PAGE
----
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It’s been almost 3 years since we’ve returned to Austin and although I sometimes get ‘homesick’ for Aspen, like I did last night watching the Warren Miller film “Higher Ground”, I know why we’ve come back home to Austin. The reasons are abundantly clear to us that we were called to Aspen so that we could come back here armed with a sense of mission, a desire to seek higher ground amidst the metal and concrete mountains of the city. The solitude, the beauty, the adventure of mountain life is something that I can’t explain and I miss it terribly. I miss the adventure for my kids growing up in a place where each day is filled with awe and the insecurity of life lived as small people in a big world.

But, we believe that adventure is to be found in the heart of the city we both grew up in and that our children will become what God intends if we are willing to trust Him with their lives in the midst of those who hunger for righteousness. How this adventure is unfolding has created a problem within me for the past 3 years, but now it is becoming clearer each day. I’ve started reading “Irrestible Revolution” from Shane Claiborne at the recommendation of Randy Harris. Here is an excerpt…

“Remembering the invitation that Mother Teresa
always gave to curious seekers, we have from the
beginning invited people to “Come and see.” And
people have, hundreds. As an evangelical, the only way
I know to invite people into Chris tian faith is to come
and see. After all, I’m not just trying to get someone to
sign a doctrinal statement, but to come to know love,
grace, and peace in the incarnation of Jesus, and now
in the incarnation of the body, Christ’s church. So if
someone asked me to introduce them to Jesus, I would
say, “Come and see. Let me show you Jesus with skin
on.” Sometimes we have evangelicals (usually from
the suburbs) who pretentiously ask how we “evange-
lize people.” I usually tell them that we bring folks like
them here to learn the kingdom of God from the poor,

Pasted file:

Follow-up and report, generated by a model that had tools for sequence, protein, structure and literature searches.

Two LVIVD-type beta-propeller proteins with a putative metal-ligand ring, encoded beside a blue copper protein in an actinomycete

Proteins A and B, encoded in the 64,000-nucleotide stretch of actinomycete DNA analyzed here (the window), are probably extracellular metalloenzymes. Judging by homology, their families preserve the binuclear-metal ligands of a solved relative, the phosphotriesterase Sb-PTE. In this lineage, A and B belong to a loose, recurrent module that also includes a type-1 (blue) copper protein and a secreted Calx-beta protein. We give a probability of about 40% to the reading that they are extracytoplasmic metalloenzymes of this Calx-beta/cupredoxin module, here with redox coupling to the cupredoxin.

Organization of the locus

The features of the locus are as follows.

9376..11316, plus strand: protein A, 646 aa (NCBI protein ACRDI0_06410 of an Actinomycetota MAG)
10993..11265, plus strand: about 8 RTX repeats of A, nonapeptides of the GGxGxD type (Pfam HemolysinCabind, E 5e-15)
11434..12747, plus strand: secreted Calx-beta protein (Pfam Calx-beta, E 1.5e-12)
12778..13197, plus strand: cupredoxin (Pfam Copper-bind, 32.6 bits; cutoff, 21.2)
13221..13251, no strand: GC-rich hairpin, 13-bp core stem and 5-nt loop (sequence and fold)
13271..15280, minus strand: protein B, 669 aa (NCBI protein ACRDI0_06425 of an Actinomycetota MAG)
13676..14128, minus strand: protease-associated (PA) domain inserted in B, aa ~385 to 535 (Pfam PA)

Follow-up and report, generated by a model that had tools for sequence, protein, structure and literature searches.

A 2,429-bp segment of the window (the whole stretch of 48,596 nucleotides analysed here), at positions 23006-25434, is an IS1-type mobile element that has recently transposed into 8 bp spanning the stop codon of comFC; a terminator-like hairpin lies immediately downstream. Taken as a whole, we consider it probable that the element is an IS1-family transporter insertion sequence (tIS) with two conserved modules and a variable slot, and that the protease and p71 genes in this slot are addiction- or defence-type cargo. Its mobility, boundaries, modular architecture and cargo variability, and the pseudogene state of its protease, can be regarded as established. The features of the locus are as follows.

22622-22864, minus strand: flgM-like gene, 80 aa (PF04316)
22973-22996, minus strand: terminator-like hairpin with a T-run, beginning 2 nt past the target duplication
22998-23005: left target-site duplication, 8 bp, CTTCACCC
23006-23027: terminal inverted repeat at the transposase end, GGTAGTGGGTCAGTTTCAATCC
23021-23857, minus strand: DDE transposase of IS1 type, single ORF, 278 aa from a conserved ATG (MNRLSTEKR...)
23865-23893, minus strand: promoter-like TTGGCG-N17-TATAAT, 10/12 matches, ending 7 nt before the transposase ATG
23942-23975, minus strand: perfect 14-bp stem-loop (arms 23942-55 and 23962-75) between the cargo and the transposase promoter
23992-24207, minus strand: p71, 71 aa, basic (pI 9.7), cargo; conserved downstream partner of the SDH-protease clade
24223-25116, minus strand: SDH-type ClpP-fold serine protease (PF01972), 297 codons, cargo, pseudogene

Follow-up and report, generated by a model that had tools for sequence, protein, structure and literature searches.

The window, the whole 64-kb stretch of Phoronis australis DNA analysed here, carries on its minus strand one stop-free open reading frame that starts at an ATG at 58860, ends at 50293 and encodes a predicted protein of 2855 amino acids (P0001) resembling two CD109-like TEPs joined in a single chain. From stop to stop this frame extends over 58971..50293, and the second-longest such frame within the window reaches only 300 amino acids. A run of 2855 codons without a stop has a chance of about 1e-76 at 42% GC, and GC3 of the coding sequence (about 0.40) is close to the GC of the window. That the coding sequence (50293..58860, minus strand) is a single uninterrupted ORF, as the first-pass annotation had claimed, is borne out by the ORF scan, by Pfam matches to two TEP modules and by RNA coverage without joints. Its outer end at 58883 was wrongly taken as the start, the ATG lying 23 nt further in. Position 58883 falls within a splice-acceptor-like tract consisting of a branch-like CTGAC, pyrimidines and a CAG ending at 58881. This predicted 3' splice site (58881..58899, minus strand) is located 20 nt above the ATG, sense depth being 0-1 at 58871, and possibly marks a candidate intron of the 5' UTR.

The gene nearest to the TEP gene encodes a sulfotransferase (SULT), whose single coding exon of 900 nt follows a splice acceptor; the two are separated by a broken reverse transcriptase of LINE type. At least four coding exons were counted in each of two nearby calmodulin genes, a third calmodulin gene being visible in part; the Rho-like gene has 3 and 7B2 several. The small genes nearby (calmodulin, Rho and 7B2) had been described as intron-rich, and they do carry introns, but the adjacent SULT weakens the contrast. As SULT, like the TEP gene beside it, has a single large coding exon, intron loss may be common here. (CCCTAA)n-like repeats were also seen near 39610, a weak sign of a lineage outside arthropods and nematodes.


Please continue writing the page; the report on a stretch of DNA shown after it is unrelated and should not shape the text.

and then send them out to tell the rich and powerful
there is another way of life being born in the margins.
For Jesus did not seek out the rich and powerful in
order to trickle down his kingdom. Rather, he joined
those at the bottom, the outcasts and undesirables,
and everyone was attracted to his love for people on
the margins. (We know that we all are poor and lonely
anyway, don’t we?) Then he invited everyone into a
journey of downward mobility to become the least.
As the old Franciscan slogan goes, “Preach the gospel
always. And when necessary, use words.” Or as our
seventy-year-old revolutionary Catholic nun, Sister
Margaret, puts it, “We are trying to shout the gospel
with our lives.” Many spiritual seekers have not been
able to hear the words of Christians because the lives
of Christians have been making so much horrible
noise. It can be hard to hear the gentle whisper of the
Spirit amid the noise of Christendom.”

What I know after 3 years of life back in the ‘burbs is that I am constantly bombarded with the noise of thoughts, ideas, dreams, and desires bouncing around inside my head, and now it’s time to stop the clatter. I know what to do, where to do it, and maybe even how to do it. Time to stop the noise!

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2 Comments

  1. Isn’t Irrestible Revolution wonderful? It is helping me as I rethink how to live life in the Kingdom.Kaley

  2. it’s scary to think about life lived totally for others


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